Cooking Tip Thursdays is dedicated to making time in the kitchen quicker, easier, and just plain better…
Want a meal you can pull off with little fuss and hardly any cleanup? Cooking en papillote, steaming small portions of food in a wrapper, is healthy and virtually foolproof. The idea behind cooking en papillote is to encase tender, mild foods in a wrapped packet (parchment paper, grape, banana or bamboo leaves, cornhusks, aluminum foil, or any other oven-proof material) that will allow the food to become infused with the juices, spices, and herbs surrounding it. As the package is heated, the air inside expands, and the flavors of the ingredients are swept into it, swirling and mixing, with no escape. Steaming en papillote requires little or no added fat and as steam builds up in the packet, the food is cooked quickly and gently.
The method of cooking en papillote has been around through a vast array of culinary trends. It was especially popular in the days when high-end cuisine was more ceremonious, as servers would open the package at the table in a dramatic show of bursting aromatic steam. And it gained notoriety during the height of the 80’s healthy eating movement, as it required little to no fat. Now, it still maintains its place, mostly in restaurants, for perhaps the pure fact it is esthetically pleasing and refined. Yet cooking en papillote is fast, uncomplicated in its execution, and can make life easier for anyone. Home cook or haute cuisine chef. It is the perfect solution for busy weeknight dinners. Toss ingredients into paper, fold the edges, place in oven, and dinner is done. It doesn’t get much easier than that. And why not surprise dinner guests when entertaining. There’s something inherently festive about each guest opening up their own individual packet to a cloud of fragrant steam.
En Papillote Tips:
- Parchment paper is generally used, though aluminum foil is a bit easier to use. It is simple to fold, you just crimp the edges shut. But choose parchment when steaming foods with a salt rub or highly acidic accent, such as vinegar, to avoid discoloration or off odors caused by a chemical reaction with the aluminum.
- With parchment, you traditionally fold the paper in half and cut out the shape of a heart, then make many small folds to get a tight seal and a half-heart shape. It takes more time, and holds less securely than foil, but it is more attractive when serving.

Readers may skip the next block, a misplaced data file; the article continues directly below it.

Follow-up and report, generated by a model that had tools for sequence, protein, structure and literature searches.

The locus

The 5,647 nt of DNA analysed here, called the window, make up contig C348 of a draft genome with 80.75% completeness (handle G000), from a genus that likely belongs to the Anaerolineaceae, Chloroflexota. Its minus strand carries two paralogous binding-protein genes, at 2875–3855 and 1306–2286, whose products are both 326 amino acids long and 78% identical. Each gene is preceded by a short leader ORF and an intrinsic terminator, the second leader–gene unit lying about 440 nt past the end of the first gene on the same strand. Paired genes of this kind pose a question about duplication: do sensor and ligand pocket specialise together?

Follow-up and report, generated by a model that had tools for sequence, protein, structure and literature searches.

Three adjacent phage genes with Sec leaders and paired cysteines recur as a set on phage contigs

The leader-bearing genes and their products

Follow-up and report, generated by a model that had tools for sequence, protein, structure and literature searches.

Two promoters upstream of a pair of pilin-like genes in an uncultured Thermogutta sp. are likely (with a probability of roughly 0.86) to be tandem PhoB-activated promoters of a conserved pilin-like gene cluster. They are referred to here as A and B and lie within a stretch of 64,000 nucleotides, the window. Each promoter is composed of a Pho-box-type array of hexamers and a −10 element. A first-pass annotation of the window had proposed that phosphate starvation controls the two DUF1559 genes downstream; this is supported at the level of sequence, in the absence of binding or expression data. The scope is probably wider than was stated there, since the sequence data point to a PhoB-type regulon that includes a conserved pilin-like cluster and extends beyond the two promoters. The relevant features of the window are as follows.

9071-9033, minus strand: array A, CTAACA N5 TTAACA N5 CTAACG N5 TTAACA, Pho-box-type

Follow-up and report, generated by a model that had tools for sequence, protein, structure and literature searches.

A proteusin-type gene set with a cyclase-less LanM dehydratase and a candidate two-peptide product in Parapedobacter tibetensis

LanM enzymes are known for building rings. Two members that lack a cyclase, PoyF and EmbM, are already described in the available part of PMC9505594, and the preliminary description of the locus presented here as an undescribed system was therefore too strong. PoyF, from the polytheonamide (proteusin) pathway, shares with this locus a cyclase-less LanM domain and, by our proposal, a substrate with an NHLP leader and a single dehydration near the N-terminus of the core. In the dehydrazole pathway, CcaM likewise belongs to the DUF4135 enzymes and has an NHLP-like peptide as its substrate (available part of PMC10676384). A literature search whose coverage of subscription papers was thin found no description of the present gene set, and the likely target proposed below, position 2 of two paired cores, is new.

- Parchment baking paper is coated with silicone (similar to silicone baking sheet liners) to render a sturdy, burn-resistant, nonstick paper impervious to liquids.
- Don’t substitute wax paper for parchment when steaming. Wax paper tears easily, and more importantly, it will burn and eventually leak liquids.
- Parchment paper can safely be used in an oven at temperatures up to 450°.
- The parchment will be puffy and slightly browned when the dish is nearly done.
- Cooking en papillote works best with tender foods that cook quickly (boneless chicken breasts instead of legs or flaky fish like halibut rather than dense fish such as tuna). Shellfish also work well, as do vegetables with high moisture content like onions, zucchini, squash, eggplant or bell pepper.
- Consider the amount of time it will take for the main ingredient to cook, and cut the accompanying items into sizes that will cook in the same amount of time. If you’re preparing a tender fish fillet with potatoes, for instance, you’ll need to slice the potatoes thinly so everything will be done at once. Otherwise, you’ll end up with undercooked potatoes or overcooked fish.
- If a food does not have a lot of moisture in it (like carrots or turnips), add other foods with high moisture content (like spinach or tomatoes) or a splash of liquid to create steam within the packet.
- The ingredients in the packet will bring flavors of their own, but it’s nice to add fresh or dried herbs, salt, pepper, and other spices, and liquids like wine, broth, soy sauce, coconut milk, or citrus juice.